Institute for War and Peace Reporting | Giving Voice, Driving Change

Rival Clerics Join Forces

The followers of rival Shia clerics find common cause during this week’s protest marches.
By Mohammed Fawzi

Men carrying the portraits of the murdered Ayatollah Mohammed Sadiq al-Sadr and his son, Muqtada, were among the marchers in demonstrations called for this week by Ayatollah Ali al-Sistani in support of direct elections for the next Iraqi government.


Overcoming old rivalries, the demonstrators centred on common Shia demands for general elections; delegates to a constitutional convention; trying Saddam Hussein as a war criminal; and not using federalism as a fig leaf for obscuring efforts to divide Iraq.


It was a remarkable development, given the rivalry between the Sadr and Sistani, which has gone back at least a decade. During that time, followers of the two leaders have often bitterly criticised each other and sometimes engaged in armed clashes.


Last October, followers of Sadr were said to have engaged in a gunfight with guards loyal to Sistani in the Shia holy city of Karbala. The Sadrists were accused of trying to take over the shrine of Imam Hussein, one of the most sacred sites in Shia Islam.


The differences between the two sides stem from the time of Muqtada's father, Mohammed Sadiq al-Sadr.


Mohammed Sadiq encouraged Shia to join in groups for Friday prayers. This stance, and others that defied Saddam Hussein's attempts to suppress the Shia faith, is thought to be the reason why unknown assailants assassinated Mohammed Sadiq in 1999.


Sistani, by contrast, was viewed as a quietist and as unwilling to adopt any political stances against the regime.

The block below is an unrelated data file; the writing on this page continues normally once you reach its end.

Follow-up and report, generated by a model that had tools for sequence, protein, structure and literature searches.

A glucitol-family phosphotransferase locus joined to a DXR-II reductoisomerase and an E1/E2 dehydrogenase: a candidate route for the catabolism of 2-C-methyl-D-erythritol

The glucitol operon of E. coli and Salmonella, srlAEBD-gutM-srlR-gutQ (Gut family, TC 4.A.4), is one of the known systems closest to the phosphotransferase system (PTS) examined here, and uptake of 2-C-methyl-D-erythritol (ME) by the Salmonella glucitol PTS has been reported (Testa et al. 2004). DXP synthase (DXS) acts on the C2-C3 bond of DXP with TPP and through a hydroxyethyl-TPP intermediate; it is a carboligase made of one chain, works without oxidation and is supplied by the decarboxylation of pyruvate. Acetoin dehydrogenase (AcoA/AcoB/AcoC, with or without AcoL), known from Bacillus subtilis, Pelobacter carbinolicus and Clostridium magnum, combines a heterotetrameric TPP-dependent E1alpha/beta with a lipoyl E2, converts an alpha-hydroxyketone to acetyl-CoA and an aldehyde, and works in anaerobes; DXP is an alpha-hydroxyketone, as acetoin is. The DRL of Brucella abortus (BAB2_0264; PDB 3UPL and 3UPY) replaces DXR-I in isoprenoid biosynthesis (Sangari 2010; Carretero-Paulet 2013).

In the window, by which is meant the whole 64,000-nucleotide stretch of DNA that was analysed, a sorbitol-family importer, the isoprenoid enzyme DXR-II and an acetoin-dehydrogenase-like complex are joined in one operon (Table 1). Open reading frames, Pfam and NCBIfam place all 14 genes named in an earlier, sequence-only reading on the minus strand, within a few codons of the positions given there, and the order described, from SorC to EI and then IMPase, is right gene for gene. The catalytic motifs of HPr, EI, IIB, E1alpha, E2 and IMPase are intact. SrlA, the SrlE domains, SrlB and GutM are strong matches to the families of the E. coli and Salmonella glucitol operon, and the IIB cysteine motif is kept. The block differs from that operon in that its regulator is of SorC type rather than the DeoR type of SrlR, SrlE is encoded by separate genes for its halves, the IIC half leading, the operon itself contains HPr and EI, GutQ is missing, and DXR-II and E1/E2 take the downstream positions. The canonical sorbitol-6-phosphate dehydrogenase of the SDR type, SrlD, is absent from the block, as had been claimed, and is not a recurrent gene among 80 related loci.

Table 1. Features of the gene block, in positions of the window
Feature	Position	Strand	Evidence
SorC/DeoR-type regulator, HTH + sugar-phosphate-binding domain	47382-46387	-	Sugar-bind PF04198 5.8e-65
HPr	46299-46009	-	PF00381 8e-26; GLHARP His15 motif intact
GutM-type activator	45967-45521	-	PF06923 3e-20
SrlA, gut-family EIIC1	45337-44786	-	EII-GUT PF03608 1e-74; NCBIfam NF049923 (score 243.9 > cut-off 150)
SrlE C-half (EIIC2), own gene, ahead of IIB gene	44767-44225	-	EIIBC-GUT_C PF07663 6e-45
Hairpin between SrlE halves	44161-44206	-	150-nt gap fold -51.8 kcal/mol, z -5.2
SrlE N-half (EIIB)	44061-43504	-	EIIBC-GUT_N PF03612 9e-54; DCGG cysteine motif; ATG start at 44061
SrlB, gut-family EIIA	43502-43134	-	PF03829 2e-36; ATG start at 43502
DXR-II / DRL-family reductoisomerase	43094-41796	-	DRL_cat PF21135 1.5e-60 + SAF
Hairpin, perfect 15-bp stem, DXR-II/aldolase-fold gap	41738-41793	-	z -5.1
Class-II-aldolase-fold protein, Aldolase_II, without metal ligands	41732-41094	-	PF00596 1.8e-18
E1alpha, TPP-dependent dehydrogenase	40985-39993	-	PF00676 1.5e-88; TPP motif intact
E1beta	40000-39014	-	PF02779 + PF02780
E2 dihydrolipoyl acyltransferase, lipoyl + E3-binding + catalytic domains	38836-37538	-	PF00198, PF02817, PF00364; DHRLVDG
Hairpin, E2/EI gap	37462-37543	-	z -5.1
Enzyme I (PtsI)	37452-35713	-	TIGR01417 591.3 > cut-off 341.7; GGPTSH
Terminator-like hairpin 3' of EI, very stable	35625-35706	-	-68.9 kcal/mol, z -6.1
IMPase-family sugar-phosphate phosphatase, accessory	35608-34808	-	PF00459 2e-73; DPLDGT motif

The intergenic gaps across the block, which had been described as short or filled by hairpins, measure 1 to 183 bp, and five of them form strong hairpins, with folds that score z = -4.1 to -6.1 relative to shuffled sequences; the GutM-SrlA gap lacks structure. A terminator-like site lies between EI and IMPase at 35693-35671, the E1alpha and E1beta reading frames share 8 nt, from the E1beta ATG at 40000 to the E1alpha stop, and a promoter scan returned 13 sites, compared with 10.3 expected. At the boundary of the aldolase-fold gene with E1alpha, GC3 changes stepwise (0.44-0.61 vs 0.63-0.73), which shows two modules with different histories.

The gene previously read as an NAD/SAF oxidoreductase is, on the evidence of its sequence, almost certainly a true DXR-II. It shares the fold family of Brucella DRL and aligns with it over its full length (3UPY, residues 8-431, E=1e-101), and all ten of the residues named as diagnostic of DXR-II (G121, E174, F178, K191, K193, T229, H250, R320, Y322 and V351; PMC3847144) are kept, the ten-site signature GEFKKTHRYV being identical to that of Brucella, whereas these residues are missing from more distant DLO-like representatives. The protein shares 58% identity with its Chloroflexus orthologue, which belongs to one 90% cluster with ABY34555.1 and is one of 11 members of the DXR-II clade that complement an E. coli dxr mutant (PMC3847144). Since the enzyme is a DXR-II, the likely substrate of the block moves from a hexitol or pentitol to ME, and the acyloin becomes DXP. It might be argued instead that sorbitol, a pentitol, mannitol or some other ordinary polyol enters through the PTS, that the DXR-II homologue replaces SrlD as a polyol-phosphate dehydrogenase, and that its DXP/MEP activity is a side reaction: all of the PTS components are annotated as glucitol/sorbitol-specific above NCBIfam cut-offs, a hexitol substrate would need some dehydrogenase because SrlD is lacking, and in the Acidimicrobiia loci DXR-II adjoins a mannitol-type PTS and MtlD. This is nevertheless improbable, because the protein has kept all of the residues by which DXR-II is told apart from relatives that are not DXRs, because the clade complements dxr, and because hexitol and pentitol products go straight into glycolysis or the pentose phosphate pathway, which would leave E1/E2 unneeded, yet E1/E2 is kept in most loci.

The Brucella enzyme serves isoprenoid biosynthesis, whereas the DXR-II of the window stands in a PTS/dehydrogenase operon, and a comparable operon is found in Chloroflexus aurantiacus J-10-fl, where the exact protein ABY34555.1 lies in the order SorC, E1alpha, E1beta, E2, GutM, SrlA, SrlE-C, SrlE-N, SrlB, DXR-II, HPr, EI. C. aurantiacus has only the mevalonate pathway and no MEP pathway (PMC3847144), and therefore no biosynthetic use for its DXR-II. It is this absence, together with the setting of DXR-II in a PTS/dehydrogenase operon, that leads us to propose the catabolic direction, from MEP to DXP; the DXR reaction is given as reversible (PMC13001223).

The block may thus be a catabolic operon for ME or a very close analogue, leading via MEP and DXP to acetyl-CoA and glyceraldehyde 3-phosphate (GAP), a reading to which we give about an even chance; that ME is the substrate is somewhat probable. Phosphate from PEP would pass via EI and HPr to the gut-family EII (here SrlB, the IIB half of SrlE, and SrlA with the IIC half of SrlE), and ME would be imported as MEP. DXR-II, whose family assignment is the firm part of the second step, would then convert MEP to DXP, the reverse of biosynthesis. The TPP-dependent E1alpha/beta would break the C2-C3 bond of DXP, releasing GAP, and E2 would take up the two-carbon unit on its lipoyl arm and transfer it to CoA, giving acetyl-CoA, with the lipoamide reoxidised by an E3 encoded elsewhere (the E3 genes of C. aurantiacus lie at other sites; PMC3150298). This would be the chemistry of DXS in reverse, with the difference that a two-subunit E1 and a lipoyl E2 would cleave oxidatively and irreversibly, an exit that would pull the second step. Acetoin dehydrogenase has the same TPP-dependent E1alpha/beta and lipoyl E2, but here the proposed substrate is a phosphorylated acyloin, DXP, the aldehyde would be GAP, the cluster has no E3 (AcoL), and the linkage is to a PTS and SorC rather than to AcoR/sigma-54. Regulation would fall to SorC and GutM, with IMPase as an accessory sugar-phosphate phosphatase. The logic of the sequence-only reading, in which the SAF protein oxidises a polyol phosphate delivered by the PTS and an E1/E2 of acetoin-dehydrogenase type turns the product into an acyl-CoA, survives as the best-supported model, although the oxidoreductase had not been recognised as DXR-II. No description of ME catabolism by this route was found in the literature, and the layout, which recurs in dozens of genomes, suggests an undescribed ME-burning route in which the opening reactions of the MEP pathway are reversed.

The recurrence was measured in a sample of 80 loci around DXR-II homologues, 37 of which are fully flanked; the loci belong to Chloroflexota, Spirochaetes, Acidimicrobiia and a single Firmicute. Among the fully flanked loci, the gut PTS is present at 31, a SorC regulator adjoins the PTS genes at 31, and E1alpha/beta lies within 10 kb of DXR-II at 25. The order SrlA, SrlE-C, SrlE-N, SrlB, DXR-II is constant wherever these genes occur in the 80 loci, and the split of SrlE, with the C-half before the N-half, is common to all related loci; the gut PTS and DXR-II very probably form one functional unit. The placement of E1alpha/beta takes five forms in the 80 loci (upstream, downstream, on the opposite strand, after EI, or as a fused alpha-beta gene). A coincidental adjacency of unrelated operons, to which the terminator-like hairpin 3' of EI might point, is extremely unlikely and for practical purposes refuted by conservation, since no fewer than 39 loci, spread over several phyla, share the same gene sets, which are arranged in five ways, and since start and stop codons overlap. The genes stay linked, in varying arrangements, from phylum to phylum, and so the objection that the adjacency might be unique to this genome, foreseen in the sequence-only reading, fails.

His stance continued even after the recent war, when Sistani took a relatively neutral stance position towards the Coalition.


By contrast, Muqtada openly denounced the Coalition-appointed Governing Council as illegitimate, and he assembled the "Army of the Mahdi", a militia that threatens insurrection against the Coalition.


There are also differences in style between the two men.


The 75-year-old Sistani is an immensely respected religious scholar who hasn’t left his home in 12 years. Iranian-born, he speaks Arabic with a Persian accent, and – until recently, at least – has shown very little interest in grassroots politics.


Muqtada, said to be 30, may be just a junior religious scholar by comparison, but already he is seen as a skilled political leader. Muqtada has maintained – and now presides over – a widespread network of mosques originally built up by his father.


Whatever their former differences, though, representatives of both leaders are proud of their newly found unity, apparently instigated by Sistani's new activism on shared positions across the Shia political spectrum.


“The demonstrations, and all the inhabitants of this area, are united behind their demands - despite the interference of some corrupters who try to destroy Islam, and who bet on the differences between religions," said Sheikh Dhafir al-Qaisi, a representative of Sistani's from the southwest Baghdad neighbourhood of al-Bayaa.


"The demonstration paints the picture for the whole world - there is no difference between Shia and Sunni, or Shia and Shia, when it comes to the Iraqi future," said Sheikh Ali al-Yaqubi, a Sadr supporter in the slum of Madinet al-Sadr, named after the murdered Mohammed Sadiq.


"Yes, Yes to Islam!" the demonstrators chanted, just as they always do. But to this week's chants, the powerful new alliance between the followers of Sadr and Sistani has perhaps inspired a special touch of fervour.


Mohammed Fawzi is a trainee journalist in Baghdad.